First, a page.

11. Yes, there is. When you purchase a game on Steam, a refund policy applies*, which entails a full monetary compensation, that you are eligible for if you have less than 2 hours of playtime tracked on that game (with the condition that you have owned the game for less than 2 weeks). The list of reasons you can provide is extensive, and can even boil down to "it wasn't what I expected" or "it was too difficult". I've been through the process twice on my account, and within 6 hours I got my money back without a hitch. Why do I still think a demo is more favourable than only relying on Steam's refund policy? Steam's refund policy is always viable to change, so there is no guarantee that people will always be able to rely on this policy to try the game Players don't tend to buy games on a whim, based on screenshots, with the foreknowledge that if they don't like it, they can refund it. In fact, not everyone has the option to spend money to try a game (even if they can get that money back). In other words, refunding is much less convenient than a demo, which is perfectly appropriate, as a refund policy shouldn't be overly convenient, but a demo serves its purpose as a showcase, whereas a refund can have a plethora of reasons (they serve different purposes) Still, relying on the Steam refund policy is totally viable, and I see your point, which is valid. *The aforementioned policy I'm describing is only accurate as of 21-Jan-16 and may have changed since then, depending on when you're reading this.
  12. I apologise for the vagueness - what you saw was an unfinished post! I pressed Enter (meaning to start a newline and continue writing) but it had, accidentally, activated the Post button, and thus, it was posted, unfinished, and I couldn't delete or cancel action, so I have edited it, and added relevant information as quickly as possible - sorry for the inconvenience. That's right - people getting a taste is a great reason. Personally, a demo is a great way to test if my machine would be able to run it at settings that I like. Thank you for sharing in my enthusiasm for demos, something that seems to have gone extinct in recent years. "However, I don't think a demo is good for early access." Yes, I agree, it can be misrepresentative of the final product, not to mention chaotic and extra stressful for the developers to commit new updates to both the Early Access and Demo builds. However, I made this suggestion regardless to start the conversation.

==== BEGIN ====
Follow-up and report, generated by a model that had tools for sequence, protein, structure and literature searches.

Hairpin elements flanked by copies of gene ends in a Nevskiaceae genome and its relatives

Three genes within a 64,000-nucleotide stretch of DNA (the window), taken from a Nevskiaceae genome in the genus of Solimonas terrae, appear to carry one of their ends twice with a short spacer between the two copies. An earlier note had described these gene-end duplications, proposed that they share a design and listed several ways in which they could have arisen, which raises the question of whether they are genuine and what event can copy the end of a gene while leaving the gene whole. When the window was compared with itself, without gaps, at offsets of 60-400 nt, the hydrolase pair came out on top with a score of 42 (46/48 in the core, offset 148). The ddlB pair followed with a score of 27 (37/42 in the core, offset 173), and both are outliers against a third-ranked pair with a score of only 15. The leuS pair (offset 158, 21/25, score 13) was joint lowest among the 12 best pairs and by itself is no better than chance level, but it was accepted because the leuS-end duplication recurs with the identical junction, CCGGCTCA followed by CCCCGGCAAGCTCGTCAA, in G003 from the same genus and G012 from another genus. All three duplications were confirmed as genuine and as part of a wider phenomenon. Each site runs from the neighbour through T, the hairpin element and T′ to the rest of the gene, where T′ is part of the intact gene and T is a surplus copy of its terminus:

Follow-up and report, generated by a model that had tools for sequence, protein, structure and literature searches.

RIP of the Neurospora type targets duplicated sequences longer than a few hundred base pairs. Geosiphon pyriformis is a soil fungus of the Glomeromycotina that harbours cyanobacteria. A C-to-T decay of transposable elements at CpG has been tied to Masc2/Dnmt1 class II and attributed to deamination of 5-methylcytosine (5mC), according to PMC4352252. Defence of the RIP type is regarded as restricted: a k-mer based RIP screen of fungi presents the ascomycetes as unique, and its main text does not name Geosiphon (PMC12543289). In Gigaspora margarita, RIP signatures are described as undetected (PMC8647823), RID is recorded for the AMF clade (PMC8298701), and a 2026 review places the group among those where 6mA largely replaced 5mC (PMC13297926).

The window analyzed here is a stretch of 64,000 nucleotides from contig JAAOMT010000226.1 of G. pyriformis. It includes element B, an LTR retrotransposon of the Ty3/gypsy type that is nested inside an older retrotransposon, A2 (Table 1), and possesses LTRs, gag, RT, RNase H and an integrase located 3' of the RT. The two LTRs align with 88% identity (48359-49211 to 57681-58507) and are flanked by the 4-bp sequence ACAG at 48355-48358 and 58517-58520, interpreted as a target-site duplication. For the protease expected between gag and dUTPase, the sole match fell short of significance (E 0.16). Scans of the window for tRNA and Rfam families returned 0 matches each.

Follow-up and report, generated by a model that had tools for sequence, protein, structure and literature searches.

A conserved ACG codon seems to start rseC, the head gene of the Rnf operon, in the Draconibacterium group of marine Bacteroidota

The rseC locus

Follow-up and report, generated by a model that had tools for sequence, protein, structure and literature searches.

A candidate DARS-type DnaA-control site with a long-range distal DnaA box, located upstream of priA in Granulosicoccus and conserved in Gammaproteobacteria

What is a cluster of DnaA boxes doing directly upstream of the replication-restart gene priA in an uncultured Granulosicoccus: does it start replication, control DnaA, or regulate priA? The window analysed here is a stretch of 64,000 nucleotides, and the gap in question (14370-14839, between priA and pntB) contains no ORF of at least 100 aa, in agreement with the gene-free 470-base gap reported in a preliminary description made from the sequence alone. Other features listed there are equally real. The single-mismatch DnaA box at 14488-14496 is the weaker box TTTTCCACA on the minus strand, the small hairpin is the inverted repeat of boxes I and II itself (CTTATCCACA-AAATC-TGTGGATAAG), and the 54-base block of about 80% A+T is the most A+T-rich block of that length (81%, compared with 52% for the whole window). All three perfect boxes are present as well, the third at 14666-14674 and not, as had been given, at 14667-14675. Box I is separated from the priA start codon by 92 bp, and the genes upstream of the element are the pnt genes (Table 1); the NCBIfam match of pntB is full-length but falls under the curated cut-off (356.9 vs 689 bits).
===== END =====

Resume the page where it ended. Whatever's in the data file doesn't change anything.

13. Playable Demo via Steam (try before you buy) A playable demo for a game usually involves a playable showcase or demonstration (hence "demo") that is limited in gameplay (singleplayer only, 1 section of a level or map, experience or level cap), and importantly is free of charge, and has multiple purposes, but generally so that players can try the game before they buy it. It used to be the case that most popular games had a demo disc (usually attached to gaming magazines) Why I suggest Naval Action should have a demo Can my PC run it? (The main reason) Minimum requirements aren't nearly as helpful as an actual play-test, for finding out your machine's performance during gameplay. Everybody's hardware is different, with different drivers, and everyone's balance for Graphical quality vs Performance is different. It's especially useful for Mid-low end PC's, because you can tweak the settings to your taste and find out if you can strike a balance between Graphical quality vs Performance that you are happy with, on your personal machine - with no financial risk Promotional value From a business point of view, setting up a vertical slice of optimal "fun" gameplay can serve to "wet the beaks", so to speak, or be an effective way to let players get a feel for the game, and have a good experience with it, increasing their likelihood of buying it if they enjoyed it (over watching gameplay footage or screenshots). Trailers are good for promotion on video platforms, but a true interactive experience can only come from a demo. Consumer good will Putting out content for demonstrative purposes, free of charge, is a sign of a confident development team that is happy to have people try their game before they buy it. It's a rare enough feature in games these days. Piracy I understand that Naval Action, being an MMO, has little (to nothing) to worry about, regarding piracy, this is merely a general comment/sentiment. One of the reasons why games are pirated is because consumers want to try a product, to see if they can run it, or if they'll like it, without risking paying full price - it's rare that the people who do this then go on to buy the game once they've played the cracked version. It's very plausible that a demo can help mitigate some of the piracy, at least with regards to these types of people (especially because, as mentioned before, a developer has full control as to what they can, and want to, showcase in a demo, to make the game look and feel like a lot of fun, by setting up all the conditions). This "Piracy" bullet point is mainly speculative, I don't have any data to back the statements, it's pure conjecture based on logic and experience. Other games on Steam that have a playable demo Steam has a "demo" tag that makes it easy to find games with playable demos, and there are many games that have this feature, the top 10 most popular of which are in the following image Final notes Personally, if I knew my machine could run it, I would buy it on the release date. As it stands, I will (full disclosure) have to find another way to try the game (Family Sharing) for free another way, before I consider it. I hope someone can sympathise with my wanting of more demos these days (gone are the days of gaming magazines coming with demo discs of all the popular triple A games that year), I'd really love to try the game before I buy it.